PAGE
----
Ok please dont tell me this has been posted before...please...
This is just chock full of everthing, PS-3, Blu - Ray, Microsoft and the "Elite"
Interesting to say the least...Just trying to bring in some good news
Ah, the Internet. A beautiful place, really. Limitless information, amazing research resources, active online communities, naked ladies ... what isn't there to like? Oh yeah, fanboys. OK, so 50 percent of the Internet sucks. The rest? Refreshing and entertaining, especially if you like the rumor mill.
Months ago an image found its way onto the Internets showing the supposed evolution of Microsoft's next-generation Xbox 360. Code-named Zephyr, this version 1.3 system would have HDMI output, a larger hard drive and an oh-so-sexy black case. Fanboys had a heyday with that one, with comments running the gamut from "Sony is teh d00m3d" to "Microsoft is finally waking up and smelling the high def, huh?"
Today those rumors appear to be confirmed. Game Informer's April issue has a two-page spread talking about the now-named "Elite" system, its 120GB hard drive and its HDMI output. And no, it's not an April Fool's Day joke. Game Informer is pretty upstanding, too, so it's safe to say this rumor is all but confirmed.
Yet the most interesting about the Elite system's specs is flying under the radar. The system still won't include an internal HD-DVD drive, something Microsoft's unnamed spokesperson said is happening for two reasons. First, to give consumers the choice of whether they want the HD-DVD functionality, and second, because the format hasn't been proven.
Those are both well and good, and the second is definitely true, with Blu-ray outselling HD-DVD two to one. But let's read between the lines on that last point. "The format's not proven." Neither is Blu-ray, and Sony's standing staunchly behind that format for obvious financial reasons. Microsoft made a big deal about HD-DVD being the superior medium prior to the Xbox 360's launch. Now? "The format's not proven."
I guess that sort of backpedaling is to be expected when your format is getting trounced, but for Microsoft to back off so suddenly is surprising. With this new super-premium system, Microsoft's obviously pandering to the high-budget high-definition crowd. Most consumers probably don't want to pay for the "forced inclusion" of an internal HD-DVD (many prospective PS3 owners were upset about having to pay for a spendy Blu-ray drive), but the people most likely to buy the Zephyr/Elite wouldn't blink twice. Maybe Microsoft figures those folks already own the HD-DVD add-on, so the internal drive would be redundant. Or maybe, just maybe, Microsoft is second-guessing its preferred format.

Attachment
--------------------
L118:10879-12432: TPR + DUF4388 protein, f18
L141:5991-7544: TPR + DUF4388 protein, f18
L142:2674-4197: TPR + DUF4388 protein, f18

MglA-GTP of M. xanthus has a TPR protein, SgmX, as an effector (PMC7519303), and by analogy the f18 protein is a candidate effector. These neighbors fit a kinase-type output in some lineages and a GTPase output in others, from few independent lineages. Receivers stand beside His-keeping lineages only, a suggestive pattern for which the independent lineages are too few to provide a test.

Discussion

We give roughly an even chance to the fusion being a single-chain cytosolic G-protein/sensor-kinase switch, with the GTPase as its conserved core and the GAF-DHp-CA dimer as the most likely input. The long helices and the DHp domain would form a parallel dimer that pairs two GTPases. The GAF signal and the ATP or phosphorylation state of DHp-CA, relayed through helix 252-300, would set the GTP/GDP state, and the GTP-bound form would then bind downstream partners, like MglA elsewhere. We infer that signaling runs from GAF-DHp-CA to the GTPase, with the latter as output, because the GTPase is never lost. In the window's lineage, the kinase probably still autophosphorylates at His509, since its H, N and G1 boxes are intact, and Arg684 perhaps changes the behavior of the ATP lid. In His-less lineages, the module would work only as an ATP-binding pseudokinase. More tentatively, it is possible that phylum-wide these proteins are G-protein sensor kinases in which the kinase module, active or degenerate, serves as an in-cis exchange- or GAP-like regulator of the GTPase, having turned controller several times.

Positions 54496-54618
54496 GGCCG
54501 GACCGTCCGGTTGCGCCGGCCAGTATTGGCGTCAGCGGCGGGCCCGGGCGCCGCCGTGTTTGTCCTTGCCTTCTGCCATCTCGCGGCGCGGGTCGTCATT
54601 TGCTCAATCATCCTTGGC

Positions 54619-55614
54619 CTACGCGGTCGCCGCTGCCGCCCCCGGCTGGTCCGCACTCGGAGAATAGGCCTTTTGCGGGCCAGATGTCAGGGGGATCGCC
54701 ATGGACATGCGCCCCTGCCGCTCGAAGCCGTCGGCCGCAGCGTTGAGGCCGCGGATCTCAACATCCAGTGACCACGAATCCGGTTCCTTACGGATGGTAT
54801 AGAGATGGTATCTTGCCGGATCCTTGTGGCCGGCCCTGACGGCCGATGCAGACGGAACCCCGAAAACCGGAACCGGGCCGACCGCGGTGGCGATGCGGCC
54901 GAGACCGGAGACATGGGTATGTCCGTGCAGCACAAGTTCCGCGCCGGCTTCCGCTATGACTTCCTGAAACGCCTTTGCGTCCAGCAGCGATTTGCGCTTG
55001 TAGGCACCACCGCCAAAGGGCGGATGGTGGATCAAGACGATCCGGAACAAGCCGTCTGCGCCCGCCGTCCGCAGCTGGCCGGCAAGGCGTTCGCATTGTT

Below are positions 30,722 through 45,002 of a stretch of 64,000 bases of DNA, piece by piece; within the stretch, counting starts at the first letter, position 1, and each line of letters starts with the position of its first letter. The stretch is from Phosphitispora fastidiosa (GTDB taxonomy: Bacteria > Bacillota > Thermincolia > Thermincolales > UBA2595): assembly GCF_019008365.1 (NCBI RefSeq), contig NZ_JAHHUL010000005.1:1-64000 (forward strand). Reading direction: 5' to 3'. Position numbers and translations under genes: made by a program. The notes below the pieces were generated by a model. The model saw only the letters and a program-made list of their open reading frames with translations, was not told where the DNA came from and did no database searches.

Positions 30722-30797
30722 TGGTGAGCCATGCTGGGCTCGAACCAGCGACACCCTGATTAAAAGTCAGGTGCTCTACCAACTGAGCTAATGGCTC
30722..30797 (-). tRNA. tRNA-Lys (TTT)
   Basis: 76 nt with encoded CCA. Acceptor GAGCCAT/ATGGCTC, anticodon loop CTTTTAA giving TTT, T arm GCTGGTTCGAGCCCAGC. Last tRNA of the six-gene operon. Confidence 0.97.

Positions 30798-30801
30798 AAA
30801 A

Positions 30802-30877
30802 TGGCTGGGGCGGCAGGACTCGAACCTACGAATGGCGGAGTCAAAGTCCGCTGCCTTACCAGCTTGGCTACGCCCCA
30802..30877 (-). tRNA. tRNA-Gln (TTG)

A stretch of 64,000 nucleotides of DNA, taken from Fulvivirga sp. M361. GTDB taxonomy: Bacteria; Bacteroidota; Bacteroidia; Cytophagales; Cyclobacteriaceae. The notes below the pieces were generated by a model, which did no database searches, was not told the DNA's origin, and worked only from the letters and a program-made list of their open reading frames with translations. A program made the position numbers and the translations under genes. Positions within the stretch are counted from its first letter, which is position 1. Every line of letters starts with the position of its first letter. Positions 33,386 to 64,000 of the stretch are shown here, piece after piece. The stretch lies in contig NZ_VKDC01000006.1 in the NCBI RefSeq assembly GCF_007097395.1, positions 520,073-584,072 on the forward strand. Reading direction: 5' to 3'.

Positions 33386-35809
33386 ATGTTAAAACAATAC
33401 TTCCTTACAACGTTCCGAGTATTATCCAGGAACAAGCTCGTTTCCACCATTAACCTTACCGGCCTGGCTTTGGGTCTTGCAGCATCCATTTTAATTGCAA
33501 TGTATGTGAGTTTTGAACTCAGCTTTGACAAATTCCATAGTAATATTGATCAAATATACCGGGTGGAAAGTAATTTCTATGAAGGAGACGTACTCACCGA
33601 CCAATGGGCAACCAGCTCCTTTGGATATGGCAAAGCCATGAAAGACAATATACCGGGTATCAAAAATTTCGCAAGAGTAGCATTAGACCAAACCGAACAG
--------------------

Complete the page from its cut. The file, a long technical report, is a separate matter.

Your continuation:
Like all business ventures, Microsoft's never been one to want to lose money. Short-term losses for long-term gain are OK, but the prospects of losing money in the long term are unacceptable. The battle between Blu-ray and HD-DVD is still extremely young, but at this early venture Sony's format is ahead -- and pulling away. With the HDMI jack on the Elite model, Microsoft will get Xbox 360 owners accustomed to using the output format and can test consumers' interest. At that point, nothing but pride would stop Microsoft from making a Blu-ray add-on for the Xbox 360. And there you go: the true media hub for the living room, regardless of the format du jour.
It's too early for Microsoft, or any other company, to switch sides in the high-definition format war, but it's never too early to start hedging bets. Microsoft has chosen to back HD-DVD, and if it's as passionate about the format as it was about Internet Explorer, Microsoft will toil for years on the unproven format until it bludgeons its way to the top. But Microsoft created and owned IE; it doesn't do either with HD-DVD. Loyalty and pride are great, but at the end of the day, Microsoft needs to answer to investors. And investors want to make money, not feel warm and fuzzy.
It's important to remember why Microsoft got into the console race to begin with: it wanted to be in the living room. The company's attempt to get into bed with Sony as the PlayStation's operating system fell through, and the Dreamcast eventually died. Microsoft's solution was to create its own console. There's an old joke about Democrats and Republicans: you're a Democrat when you're poor, a Republican when you're rich, and a Democrat again when you have so much money that you remember how to care about things other than money. Maybe that holds true here, as well. Microsoft wanted into every aspect of the living room. It got its game console, and now it wants into consumers' high-definition pants too. It's gambled on HD-DVD, but if Blu-ray really takes off, Microsoft could suddenly return to being Sony's friend -- and pay Sony the licensing fee to make a Blu-ray player peripheral.
Sure, such a move would require Microsoft to swallow some serious pride. But what's a little pride and a loss-leader when you're talking about the big-picture goal of "owning" the living room? I'm not saying it's going to happen, but the specs of the newfangled 360 look like Microsoft isn't as confident in its choice of formats. Is high-definition playback greener on the other side of the DVD tracks? Consumers seem to think so. And since when was Microsoft not after consumers' cash?
-- Jonas Allen